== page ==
Conservatives in the Republican Party in 1960 were disappointed in Richard Nixon’s choice of a moderate/liberal vice presidential running mate. Their leader at the time was Arizona Sen. Barry Goldwater, who famously said: “Let’s grow up, conservatives. If we want to take this party back, and I think we can some day, let’s go to work.” He then proceeded to work diligently to elect Nixon, who of course lost a narrow election to John Kennedy.
In 2008 many conservatives were disappointed that John McCain was the Republican nominee. Rather than recognize his strengths and emphasizing his many areas of agreement with conservatives, some conservative and Christian leaders spent months convincing their audiences that Sen. McCain was no better than a Democrat and unworthy of our support. When these leaders recognized the dangers of an Obama presidency, they reluctantly supported McCain. But guess what — a significant part of their audience never came around, remaining on the sidelines or not voting in 2008.
Now we are living with the consequences. For those in the pro-life community, Justice Souter’s retirement and soon replacement by Judge Sotomayor lays bare the foolishness of conservative abandonment of a mostly pro-life Republican nominee in 2008, or any election. As a liberal, pro-choice Daily Kos writer puts it today:

I cannot begin to imagine the consequences if John McCain was elected president last year. Now, it is possible that Souter may not have retired under a Republic president, but it is possible that either Scalia or Kennedy might have; … However, it also possible that Justice Stevens may retire, as he’s 89(!) and was nominated by Gerald Ford(!). If Stevens retired, and McCain was in office, it is likely that he would have appointed a justice that would have voted to overturn Roe – and it’s likely that Roe would have been overturned.
With that, Sotomayor has set conservatives back years since they will have to wait until another vacancy under a conservative Republican’s presidency. It’s unclear how long that will be …

I have no doubt that Sen. McCain would have appointed a judicial nominee with serious questions about the validity of Roe v. Wade. In fact, any rational nominee who truly believed in the philosophy proclaimed by Sotomayor at her confirmation hearings would have to have problems with Roe v. Wade. (Unfortunately, there is no evidence Sotomayor actually believes in “fidelity to the law.”)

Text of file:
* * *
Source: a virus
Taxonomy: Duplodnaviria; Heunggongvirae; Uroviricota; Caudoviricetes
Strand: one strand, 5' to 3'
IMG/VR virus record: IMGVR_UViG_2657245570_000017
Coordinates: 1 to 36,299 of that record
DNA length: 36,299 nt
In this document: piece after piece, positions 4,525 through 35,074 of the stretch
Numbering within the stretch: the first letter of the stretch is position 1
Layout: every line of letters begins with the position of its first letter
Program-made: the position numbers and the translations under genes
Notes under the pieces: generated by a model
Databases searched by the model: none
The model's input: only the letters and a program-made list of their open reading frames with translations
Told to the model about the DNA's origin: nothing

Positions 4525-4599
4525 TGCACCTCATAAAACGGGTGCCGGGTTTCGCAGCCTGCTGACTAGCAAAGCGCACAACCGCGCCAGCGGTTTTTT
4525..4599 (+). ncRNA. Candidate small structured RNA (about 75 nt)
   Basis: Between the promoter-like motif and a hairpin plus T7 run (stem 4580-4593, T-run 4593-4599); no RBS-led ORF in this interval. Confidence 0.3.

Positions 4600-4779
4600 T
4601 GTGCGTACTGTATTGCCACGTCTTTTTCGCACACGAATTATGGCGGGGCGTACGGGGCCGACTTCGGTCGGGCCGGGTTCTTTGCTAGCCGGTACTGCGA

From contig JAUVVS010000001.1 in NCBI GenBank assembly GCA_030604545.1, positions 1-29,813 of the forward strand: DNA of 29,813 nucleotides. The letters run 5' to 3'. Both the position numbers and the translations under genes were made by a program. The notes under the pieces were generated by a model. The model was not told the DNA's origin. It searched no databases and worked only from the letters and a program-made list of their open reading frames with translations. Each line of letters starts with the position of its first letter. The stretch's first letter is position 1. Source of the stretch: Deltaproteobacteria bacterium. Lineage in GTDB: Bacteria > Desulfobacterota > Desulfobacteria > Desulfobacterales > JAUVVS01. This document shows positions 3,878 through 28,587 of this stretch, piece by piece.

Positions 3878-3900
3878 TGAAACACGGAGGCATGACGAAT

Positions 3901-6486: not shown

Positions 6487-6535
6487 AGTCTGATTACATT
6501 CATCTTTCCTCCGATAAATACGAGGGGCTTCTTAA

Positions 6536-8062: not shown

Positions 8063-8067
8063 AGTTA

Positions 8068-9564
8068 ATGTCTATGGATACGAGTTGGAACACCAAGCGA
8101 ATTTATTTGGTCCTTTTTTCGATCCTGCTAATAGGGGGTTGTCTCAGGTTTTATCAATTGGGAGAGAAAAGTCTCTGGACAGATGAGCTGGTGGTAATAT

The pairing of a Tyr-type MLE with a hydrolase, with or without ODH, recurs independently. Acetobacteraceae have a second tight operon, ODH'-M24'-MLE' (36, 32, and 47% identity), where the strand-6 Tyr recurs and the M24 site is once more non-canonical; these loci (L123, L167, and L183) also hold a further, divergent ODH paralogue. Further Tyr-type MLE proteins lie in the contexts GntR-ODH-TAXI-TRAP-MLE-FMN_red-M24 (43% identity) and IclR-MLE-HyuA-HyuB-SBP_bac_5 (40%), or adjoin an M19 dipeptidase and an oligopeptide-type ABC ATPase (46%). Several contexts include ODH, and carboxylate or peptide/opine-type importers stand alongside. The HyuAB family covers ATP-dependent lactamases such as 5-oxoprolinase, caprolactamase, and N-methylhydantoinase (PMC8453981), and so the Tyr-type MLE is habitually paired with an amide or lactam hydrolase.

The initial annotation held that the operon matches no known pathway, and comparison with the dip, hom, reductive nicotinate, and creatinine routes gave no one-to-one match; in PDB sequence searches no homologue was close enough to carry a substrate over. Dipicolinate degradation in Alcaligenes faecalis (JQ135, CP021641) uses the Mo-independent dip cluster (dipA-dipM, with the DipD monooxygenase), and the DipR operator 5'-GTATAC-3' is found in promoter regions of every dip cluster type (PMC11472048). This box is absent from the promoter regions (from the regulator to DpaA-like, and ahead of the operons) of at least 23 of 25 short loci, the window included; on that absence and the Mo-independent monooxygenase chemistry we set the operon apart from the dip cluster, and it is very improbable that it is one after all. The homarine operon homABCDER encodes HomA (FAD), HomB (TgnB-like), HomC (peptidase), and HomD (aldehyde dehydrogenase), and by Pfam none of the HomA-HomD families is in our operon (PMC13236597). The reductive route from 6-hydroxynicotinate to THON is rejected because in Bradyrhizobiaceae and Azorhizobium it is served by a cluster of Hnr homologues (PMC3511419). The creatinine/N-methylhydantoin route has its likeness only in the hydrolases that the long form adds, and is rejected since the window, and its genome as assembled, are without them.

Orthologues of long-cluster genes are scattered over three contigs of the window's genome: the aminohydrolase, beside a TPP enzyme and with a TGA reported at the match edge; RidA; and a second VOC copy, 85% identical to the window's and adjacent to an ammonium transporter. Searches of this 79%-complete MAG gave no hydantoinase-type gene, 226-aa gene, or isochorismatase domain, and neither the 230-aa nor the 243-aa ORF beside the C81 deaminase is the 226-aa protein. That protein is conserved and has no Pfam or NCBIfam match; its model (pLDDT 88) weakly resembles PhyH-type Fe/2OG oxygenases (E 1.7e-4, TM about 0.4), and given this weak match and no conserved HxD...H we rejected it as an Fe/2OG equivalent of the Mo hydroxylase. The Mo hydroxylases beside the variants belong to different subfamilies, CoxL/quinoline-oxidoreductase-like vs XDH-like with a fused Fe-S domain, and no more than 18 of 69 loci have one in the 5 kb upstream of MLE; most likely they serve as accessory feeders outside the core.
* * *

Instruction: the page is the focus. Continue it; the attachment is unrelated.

We have to be smarter than this. There is no compromise in supporting a mostly or more conservative candidate over a liberal, even as we work in future elections to promote candidates who embrace the entire conservative agenda. And no matter which candidate we support, we need to stop telling our audience that the other candidates would be “no better than a liberal.”
And if you still think we are always better off holding out for the perfect conservative candidate — tell that to the next generation of unborn children.


  1. Len,
    I agree with you. Unfortunately, there is the 30% group. This narrow group now holds the power in AZ. There narrow agenda will not countenance even a John McCain and now they are going after John Shaddegg and Jon Kyl. I wish you well in getting your message out to this group. You might get some help in your cause ifdisaffected Republicans who are now registered independents to vote were allowed to vote in primaries.

  2. Unfortunately, Nathan’s personal attack on Colette Rosati in 2006 made a difference in that primary and we have a $3 billion deficit because everyone up-ticket threw conservatives under the bus down-ticket.


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